PeterCapo wrote:Kester solder is real good.  You can do a good job with other solders, but in my experience Kester flows and sets-up better.  If I recall, we used Kester eutectic (63/37) at Raytheon in the missile sub-assemblies because it is stronger - not really a requirement for audio, unless we’re planning on strapping our Stereo 70s under the wing of an F-18.  Then again, I have seen cracked solder on tube socket lugs, so a eutectic blend here might be advantageous over time, especially for active tube rollers.

    The twist-tab multi-section can is a classic design.  They have always been that way in the original Dynacos and, I believe, in a lot of other gear.  It would be good to get those tabs tighter, but running that short length of wire to shore-up the ground is important, regardless.

    I am assuming that ground connection will be somewhere in the future instructions from Bob, correct?

    PeterCapo

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    Re: First Timer...Seriously

    Post by PeterCapo on Fri Jan 03, 2014 1:03 pm

    I would think so, as I can see the adjacent ground lugs in the images on the website, and I *believe* I see a wire from the twist-tab to the star...  Dynaco did it this way, and it seems like a good practice in any case.  You can look through your assembly manual and see if you can find it, or perhaps Bob will chime in to confirm or correct.


    Last edited by PeterCapo on Fri Jan 03, 2014 1:06 pm; edited 1 time in total

    Bob Latino
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    Re: First Timer...Seriously

    Post by Bob Latino on Fri Jan 03, 2014 1:03 pm

    If the quad cap seems a little loose after you twist the four mounting tabs then you can use some epoxy on the three tabs that are farthest away from the two main grounding next to the quad cap. The reason you should only epoxy three of them is that ONE of the twist tabs on the quad cap must be soldered with a short wire to one of the two main ground lugs. This instruction comes later in the assembly manual.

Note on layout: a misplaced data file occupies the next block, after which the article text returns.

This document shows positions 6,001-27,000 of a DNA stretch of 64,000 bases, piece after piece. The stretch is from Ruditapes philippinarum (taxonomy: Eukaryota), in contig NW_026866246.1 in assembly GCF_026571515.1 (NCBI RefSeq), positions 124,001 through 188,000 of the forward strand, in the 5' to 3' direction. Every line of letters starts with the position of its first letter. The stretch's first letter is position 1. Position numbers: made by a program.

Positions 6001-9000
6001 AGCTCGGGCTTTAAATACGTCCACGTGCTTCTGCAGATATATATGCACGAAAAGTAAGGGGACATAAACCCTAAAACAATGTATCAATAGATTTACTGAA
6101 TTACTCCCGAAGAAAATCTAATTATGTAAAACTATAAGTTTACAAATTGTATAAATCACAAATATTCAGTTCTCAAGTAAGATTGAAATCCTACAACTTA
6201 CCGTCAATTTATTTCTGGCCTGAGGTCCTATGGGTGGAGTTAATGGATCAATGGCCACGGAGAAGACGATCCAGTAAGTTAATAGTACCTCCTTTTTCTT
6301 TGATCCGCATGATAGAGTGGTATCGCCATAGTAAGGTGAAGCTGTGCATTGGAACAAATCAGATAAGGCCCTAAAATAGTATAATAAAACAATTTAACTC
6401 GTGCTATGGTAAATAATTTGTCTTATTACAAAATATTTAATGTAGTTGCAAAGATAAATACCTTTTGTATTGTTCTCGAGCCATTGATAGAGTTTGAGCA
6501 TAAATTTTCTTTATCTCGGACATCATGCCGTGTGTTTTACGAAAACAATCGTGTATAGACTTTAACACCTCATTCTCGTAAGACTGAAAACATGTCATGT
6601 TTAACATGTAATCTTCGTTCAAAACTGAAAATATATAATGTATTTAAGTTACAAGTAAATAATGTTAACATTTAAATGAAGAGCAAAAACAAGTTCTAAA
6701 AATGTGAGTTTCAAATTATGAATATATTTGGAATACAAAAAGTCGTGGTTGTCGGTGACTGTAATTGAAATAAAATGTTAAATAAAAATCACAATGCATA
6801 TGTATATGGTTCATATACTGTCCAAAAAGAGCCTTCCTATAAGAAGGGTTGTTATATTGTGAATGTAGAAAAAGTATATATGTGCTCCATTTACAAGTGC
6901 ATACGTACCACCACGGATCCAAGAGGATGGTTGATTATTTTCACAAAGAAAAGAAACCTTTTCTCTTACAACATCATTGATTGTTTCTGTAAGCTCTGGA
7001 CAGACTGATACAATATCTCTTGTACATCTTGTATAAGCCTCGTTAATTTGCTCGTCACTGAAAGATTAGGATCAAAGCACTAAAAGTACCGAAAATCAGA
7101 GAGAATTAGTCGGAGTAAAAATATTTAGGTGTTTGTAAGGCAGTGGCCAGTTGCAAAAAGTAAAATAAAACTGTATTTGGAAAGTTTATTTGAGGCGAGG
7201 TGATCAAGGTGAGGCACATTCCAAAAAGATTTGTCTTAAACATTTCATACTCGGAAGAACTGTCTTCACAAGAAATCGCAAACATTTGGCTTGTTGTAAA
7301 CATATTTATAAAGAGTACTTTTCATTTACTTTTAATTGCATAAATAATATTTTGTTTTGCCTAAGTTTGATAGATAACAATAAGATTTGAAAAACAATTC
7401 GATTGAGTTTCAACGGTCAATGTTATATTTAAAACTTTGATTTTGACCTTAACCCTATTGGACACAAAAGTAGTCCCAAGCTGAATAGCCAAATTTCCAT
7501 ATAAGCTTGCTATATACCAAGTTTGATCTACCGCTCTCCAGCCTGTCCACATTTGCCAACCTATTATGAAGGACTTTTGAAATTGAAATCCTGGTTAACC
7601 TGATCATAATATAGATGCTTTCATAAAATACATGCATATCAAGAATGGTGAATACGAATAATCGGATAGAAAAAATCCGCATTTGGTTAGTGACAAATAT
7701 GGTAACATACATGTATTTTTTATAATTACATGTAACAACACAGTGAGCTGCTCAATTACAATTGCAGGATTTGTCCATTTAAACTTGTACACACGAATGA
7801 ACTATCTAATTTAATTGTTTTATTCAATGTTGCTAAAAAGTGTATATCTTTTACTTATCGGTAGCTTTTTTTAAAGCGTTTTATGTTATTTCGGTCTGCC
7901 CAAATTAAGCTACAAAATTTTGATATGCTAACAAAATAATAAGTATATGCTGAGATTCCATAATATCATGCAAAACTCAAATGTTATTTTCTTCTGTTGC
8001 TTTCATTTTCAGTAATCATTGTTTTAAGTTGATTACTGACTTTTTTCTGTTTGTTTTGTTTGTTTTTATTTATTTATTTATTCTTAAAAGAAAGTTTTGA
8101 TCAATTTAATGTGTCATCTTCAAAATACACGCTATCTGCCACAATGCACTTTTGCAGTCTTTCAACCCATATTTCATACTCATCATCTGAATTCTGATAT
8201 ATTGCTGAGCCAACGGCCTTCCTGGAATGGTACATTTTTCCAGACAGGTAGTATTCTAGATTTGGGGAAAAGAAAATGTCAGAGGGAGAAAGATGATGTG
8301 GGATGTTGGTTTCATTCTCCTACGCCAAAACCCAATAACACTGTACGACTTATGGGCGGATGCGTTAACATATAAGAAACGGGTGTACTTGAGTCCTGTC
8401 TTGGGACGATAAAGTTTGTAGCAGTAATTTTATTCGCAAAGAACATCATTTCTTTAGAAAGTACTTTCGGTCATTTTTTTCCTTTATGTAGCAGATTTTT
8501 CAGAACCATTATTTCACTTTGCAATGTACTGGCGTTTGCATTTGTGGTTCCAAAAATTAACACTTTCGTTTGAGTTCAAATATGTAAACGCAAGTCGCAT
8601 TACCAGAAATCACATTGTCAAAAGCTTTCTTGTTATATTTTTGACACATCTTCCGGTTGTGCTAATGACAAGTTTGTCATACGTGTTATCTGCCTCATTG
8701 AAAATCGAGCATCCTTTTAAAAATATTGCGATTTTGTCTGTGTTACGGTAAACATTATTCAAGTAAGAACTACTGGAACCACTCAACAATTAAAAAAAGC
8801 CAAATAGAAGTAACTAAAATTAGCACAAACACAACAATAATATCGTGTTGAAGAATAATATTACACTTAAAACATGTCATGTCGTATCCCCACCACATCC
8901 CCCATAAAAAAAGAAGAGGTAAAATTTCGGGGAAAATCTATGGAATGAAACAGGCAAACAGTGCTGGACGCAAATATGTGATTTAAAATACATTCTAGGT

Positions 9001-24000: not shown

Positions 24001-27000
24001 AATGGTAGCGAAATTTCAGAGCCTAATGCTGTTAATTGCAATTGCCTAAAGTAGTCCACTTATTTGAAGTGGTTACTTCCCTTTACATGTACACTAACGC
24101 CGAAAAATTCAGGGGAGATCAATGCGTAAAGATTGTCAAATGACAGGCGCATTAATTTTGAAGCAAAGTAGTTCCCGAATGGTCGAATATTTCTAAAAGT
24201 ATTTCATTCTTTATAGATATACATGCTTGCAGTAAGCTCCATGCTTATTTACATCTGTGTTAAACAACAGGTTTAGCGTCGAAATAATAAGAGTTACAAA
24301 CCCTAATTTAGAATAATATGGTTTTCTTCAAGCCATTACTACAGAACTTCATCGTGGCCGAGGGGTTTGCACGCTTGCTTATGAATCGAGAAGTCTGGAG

Bob

    PeterCapo

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    Re: First Timer...Seriously

    Post by PeterCapo on Fri Jan 03, 2014 1:18 pm

    I am wondering if this might serve as an alternative: http://www.tubesandmore.com/products/S-H120

    I have not tried it but if one (or more) is placed between the bottom of the can and the top of the chassis, it might give the can just enough lift to adequately tighten the twist-tabs on the underside without having to resort to epoxy… just a thought.

    Laminarman

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    Join date : 2009-12-30

    Re: First Timer...Seriously

    Post by Laminarman on Fri Jan 03, 2014 1:27 pm

    I just finished my 70 last night and fired it up. I found the soldering got progressively better as the project moved along. Youtube is YOUR FRIEND, watch some videos. Also, I used Kester eutectic .032 and it was much better than something else in .050 I had laying around. I also tried whenever possible to tin both pieces before I put them together and that made a huge difference. I bet my next build will be nicer, if I decide to tackle a pre-amp.

    Zimmer64

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    Location : Switzerland

    Re: First Timer...Seriously

    Post by Zimmer64 on Fri Jan 03, 2014 1:32 pm

    Here is a nice video of a guy assembling a kit of a different vendor: http://youtu.be/s5rWCEux_BI He explains and shows nicely how soldering is done. Hope this link is not inappropriate. Otherwise pls delete this entry. I have no relation with that vendor (but have also bought their products in the past).

    Enjoy your ST120. I built a ST70 and could not be more satisfied with it.

    Michael

    sKiZo

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    Re: First Timer...Seriously

    Post by sKiZo on Fri Jan 03, 2014 2:51 pm

    So, like ... what's the reasoning behind the additional ground? Noise drain? Doesn't seem like there's any internal electrical connection to the can.

    I didn't solder a tab, but I figure I get a decent enough ground for that via the clamp ...



    I will add that to my "to do" list next time I get in there though. Doesn't seem like it'd hurt any, but not sure how it will help.


    sKiZo

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    Re: First Timer...Seriously

    Post by sKiZo on Fri Jan 03, 2014 2:55 pm

    Laminarman wrote: I found the soldering got progressively better as the project moved along.  

    You forgot to mention the part about how you backtracked the earlier connections to bring them all up to the same stellar standard you achieved with practice ...  Cool 

    Laminarman

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    Re: First Timer...Seriously

    Post by Laminarman on Fri Jan 03, 2014 3:30 pm

    sKiZo wrote:
    Laminarman wrote: I found the soldering got progressively better as the project moved along.  

    You forgot to mention the part about how you backtracked the earlier connections to bring them all up to the same stellar standard you achieved with practice ...  Cool